**For area of interest #6... south part of current western Atlantic upper trough becomes a cut-off vortex north-northeast of the Dominican Republic through 72 hours due to the force of warm upper ridging over eastern North America (associated with warm sector of western North America frontal system) and also due to force of the tropical upper ridge cell over AOI #5... upper vortex subsequently retrogrades around south side of eastern North America upper ridge and toward northwestern Bahamas where its divergence zone triggers a tropical surface low just north of the northwestern Bahamas at 132 hours... tropical low subsequently makes landfall at the Florida/Georgia border at 150 hours


1200Z (Jun 15) ECMWF Model Run...

**Fore area of interest #5... through 54 hours the current surface low over the southern Yucatan peninsula has an WNW/ESE elongated signature while spanning from the Bay of Campeche to the western Caribbean Sea... slowly organizes into a north-south elongated tropical low in the southwestern Gulf of Mexico through 72 hours... north side of tropical low develops a circular center that makes landfall in Tamaulipas (northeastern Mexico) through 102 hours with the remainder southern portion of circulation making landfall as a trough across the Veracruz coast through 120 hours.

**For area of interest #6... south part of current western Atlantic upper trough becomes a cut-off vortex north-northeast of the Dominican Republic through 60 hours due to the force of warm upper ridging over eastern North America (associated with warm sector of western North America frontal system) and also due to force of the tropical upper ridge cell over AOI #5... upper vortex subsequently retrogrades around south side of eastern North America upper ridge and toward northwestern Bahamas where its divergence zone triggers a tropical surface low over the northwestern Bahamas at 114 hours... tropical surface low moves across south Florida through 126 hours... then moves WNW across northeastern Gulf of Mexico and into southeastern Louisiana through 150 hours


1800Z (Jun 15) GFS Model Run...

**For area of interest #5... through 42 hours the current surface low over the southern Yucatan peninsula has an WNW/ESE elongated signature while spanning from the Bay of Campeche to the western Caribbean Sea... WNW part of the circulation becomes the dominant and develops into a western Gulf of Mexico tropical cyclone at 84 hours near 23N-96W... tropical cyclone weakens to remnant trough while approaching landfall with southern Tamaulipas through 120 hours (upper-level winds are favorable for development in the model run... speculate the weakening prior to landfall due to competition for surface inflow with other swirls of low pressure associated with the broad low pressure area it developed within)

**For area of interest #6... southwest part of current western Atlantic upper trough becomes a cut-off vortex south of Bermuda through 48 hours due to the force of warm upper ridging over eastern North America (associated with warm sector of western North America frontal system) and also due to force of the tropical upper ridge cell over AOI #5... eastern divergence zone of the cut-off vortex producs a surface low near 26N-66W also at 48 hours... while moving west the surface low becomes a tropical cyclone near 26N-70W at 78 hours... as a compact and potential hurricane the tropical cyclone makes landfall on northeast coast of Florida at 117 hours... weakens to a compact inland tropical storm whose center moves into the Florida/Alabama/Georgia border through 129 hours... remnant low dissipates over east-central Mississippi thorugh 144 hours.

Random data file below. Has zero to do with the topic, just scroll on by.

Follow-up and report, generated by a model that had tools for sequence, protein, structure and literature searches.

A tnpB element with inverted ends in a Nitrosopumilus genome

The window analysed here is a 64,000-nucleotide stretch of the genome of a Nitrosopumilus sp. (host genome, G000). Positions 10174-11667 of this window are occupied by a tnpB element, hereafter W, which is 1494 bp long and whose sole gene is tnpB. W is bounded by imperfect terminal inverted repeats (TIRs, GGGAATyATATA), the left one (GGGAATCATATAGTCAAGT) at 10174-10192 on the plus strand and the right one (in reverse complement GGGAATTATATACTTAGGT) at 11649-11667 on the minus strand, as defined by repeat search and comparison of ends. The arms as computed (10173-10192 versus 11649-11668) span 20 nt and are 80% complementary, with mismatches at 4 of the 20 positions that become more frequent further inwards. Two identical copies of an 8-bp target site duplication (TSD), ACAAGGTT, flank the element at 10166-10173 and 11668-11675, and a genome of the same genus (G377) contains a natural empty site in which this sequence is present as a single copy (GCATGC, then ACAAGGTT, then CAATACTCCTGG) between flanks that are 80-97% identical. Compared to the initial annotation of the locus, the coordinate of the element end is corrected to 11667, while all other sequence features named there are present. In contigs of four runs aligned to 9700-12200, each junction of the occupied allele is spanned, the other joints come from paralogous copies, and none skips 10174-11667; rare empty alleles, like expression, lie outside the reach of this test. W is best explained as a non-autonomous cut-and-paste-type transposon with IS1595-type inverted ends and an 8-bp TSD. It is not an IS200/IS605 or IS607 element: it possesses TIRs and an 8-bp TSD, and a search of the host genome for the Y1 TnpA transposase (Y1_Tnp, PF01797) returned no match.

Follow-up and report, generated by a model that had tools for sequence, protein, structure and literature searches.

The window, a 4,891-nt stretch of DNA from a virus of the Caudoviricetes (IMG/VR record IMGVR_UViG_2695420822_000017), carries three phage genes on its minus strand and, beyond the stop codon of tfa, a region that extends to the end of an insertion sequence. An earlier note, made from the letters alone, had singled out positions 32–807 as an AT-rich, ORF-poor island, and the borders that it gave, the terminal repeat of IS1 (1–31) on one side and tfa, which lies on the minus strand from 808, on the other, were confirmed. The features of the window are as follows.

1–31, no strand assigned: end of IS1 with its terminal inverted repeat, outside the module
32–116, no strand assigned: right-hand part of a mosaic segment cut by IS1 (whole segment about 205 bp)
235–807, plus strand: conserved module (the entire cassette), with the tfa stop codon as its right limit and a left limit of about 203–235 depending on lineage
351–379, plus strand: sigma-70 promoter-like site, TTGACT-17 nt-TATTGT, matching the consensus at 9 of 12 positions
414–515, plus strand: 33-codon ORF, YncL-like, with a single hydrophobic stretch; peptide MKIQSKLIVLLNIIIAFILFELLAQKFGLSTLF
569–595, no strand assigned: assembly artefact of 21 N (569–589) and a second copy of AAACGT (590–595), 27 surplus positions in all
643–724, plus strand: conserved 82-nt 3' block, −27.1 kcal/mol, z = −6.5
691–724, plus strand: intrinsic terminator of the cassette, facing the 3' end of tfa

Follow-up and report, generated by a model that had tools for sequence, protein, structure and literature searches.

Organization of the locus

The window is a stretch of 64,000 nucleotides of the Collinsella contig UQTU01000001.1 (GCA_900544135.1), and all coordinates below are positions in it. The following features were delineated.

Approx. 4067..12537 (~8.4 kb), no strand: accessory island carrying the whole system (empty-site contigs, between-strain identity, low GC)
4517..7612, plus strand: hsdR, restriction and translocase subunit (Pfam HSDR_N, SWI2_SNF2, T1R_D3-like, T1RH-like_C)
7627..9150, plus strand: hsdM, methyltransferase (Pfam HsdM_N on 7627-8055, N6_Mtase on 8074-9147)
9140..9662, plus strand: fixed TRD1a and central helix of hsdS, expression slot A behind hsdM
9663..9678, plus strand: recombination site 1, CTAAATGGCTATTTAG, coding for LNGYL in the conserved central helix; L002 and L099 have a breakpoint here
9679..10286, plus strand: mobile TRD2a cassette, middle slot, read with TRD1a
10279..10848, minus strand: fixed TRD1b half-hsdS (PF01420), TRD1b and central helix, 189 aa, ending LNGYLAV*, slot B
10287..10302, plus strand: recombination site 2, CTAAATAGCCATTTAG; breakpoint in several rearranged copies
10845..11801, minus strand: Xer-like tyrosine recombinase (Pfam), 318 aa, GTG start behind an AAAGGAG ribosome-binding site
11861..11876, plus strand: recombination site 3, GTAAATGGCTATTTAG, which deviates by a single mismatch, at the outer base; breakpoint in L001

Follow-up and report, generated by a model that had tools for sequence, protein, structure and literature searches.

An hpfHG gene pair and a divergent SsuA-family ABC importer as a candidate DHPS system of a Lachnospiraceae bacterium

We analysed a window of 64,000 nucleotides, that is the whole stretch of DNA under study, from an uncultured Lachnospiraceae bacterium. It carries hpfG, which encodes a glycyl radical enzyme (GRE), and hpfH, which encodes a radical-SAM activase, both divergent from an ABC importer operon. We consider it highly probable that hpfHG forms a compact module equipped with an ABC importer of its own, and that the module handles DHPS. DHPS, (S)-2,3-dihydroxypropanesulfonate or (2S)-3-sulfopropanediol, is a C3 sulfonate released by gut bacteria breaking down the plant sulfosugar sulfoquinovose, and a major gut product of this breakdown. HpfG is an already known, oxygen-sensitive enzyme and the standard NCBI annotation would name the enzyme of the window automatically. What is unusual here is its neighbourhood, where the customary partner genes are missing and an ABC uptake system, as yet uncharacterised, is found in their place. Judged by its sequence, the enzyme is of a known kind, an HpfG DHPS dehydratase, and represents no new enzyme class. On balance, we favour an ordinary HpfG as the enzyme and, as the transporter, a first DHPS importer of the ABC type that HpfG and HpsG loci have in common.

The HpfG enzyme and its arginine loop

**Eastern divergence zone of current western Atlantic upper trough suggested to produce a tropical cyclone near 35N-51W by 48 hours (however water temps below 26 deg C and upper air temps forecast to be warm and stabilizing with 200 mb heights above 1200 dekameters)... segment of nearby upper trough and sugegsted tropical cyclone move east-northeast to 36N-47W through 72 hours... the surface circulation subsequently becomes captured by surface ridge induced by the convergence zone of the upper trough which causes it to retrograde west-southwest after 72 hours... the surface circulation weakens from a potential tropical cyclone to a surface trough through 108 hours while located near 35N-48W as the nearby segment of the upper trough evolves into an overhead cut-off upper vortex where a lack of divergence suppresses the surface circulation.

**Upper vortex that triggers AOI #6 retrogrades into the southeastern Gulf of Mexico through 108 hours where the southeastern divergence zone of the vortex triggers a south-central Caribbean disturbance... the disturbance matures into a tropical cyclone offshore of northeastern Nicaragua through 123 hours as the westward-retrograding upper vortex gives room for an expanding area of anticyclonic outflow over the disturbance... tropical cyclone continues west-northwest and makes landfall just north of the Mexico/Belize border at 150 hours... landfall causes the tropical cyclone to degenerate into a broad tropical low that continues west across the northern Bay of Campeche through 168 hours


1800Z (Jun 15) NAVGEM Model Run...

**For area of interest #5... Southern part of the current broad tropical low centered over the southern Yucatan peninsula becomes an eastern Pacific trpoical cyclone at 18 hours located just southwest of the Mexico/Guatemala border... tropical cyclone moves northeast and weakens to an inland remnant low over northern Guatemala through 48 hours while orbiting the remainder of the broad circulation... remnant low then arcs north-northwest across the western Yucatan peninsula and into the western Gulf of Mexico through 78 hours where it then loses its identity within the east side of the remainder broad circulation... the remainder broad circulation then continues west into the Veracruz and Tamaulipas coast of Mexico through 126 hours as an elongated surface trough.

**For area of interest #6... no development shown

***Broad low pressure field persists across Bay of Campeche... western Caribbean... and adjacent regions in wake of area of interest #5 (108 to 132 hours)... the western part of this broad circulation becomes a large western Gulf of Mexico tropical cyclone centered near 23N-96W at 162 hours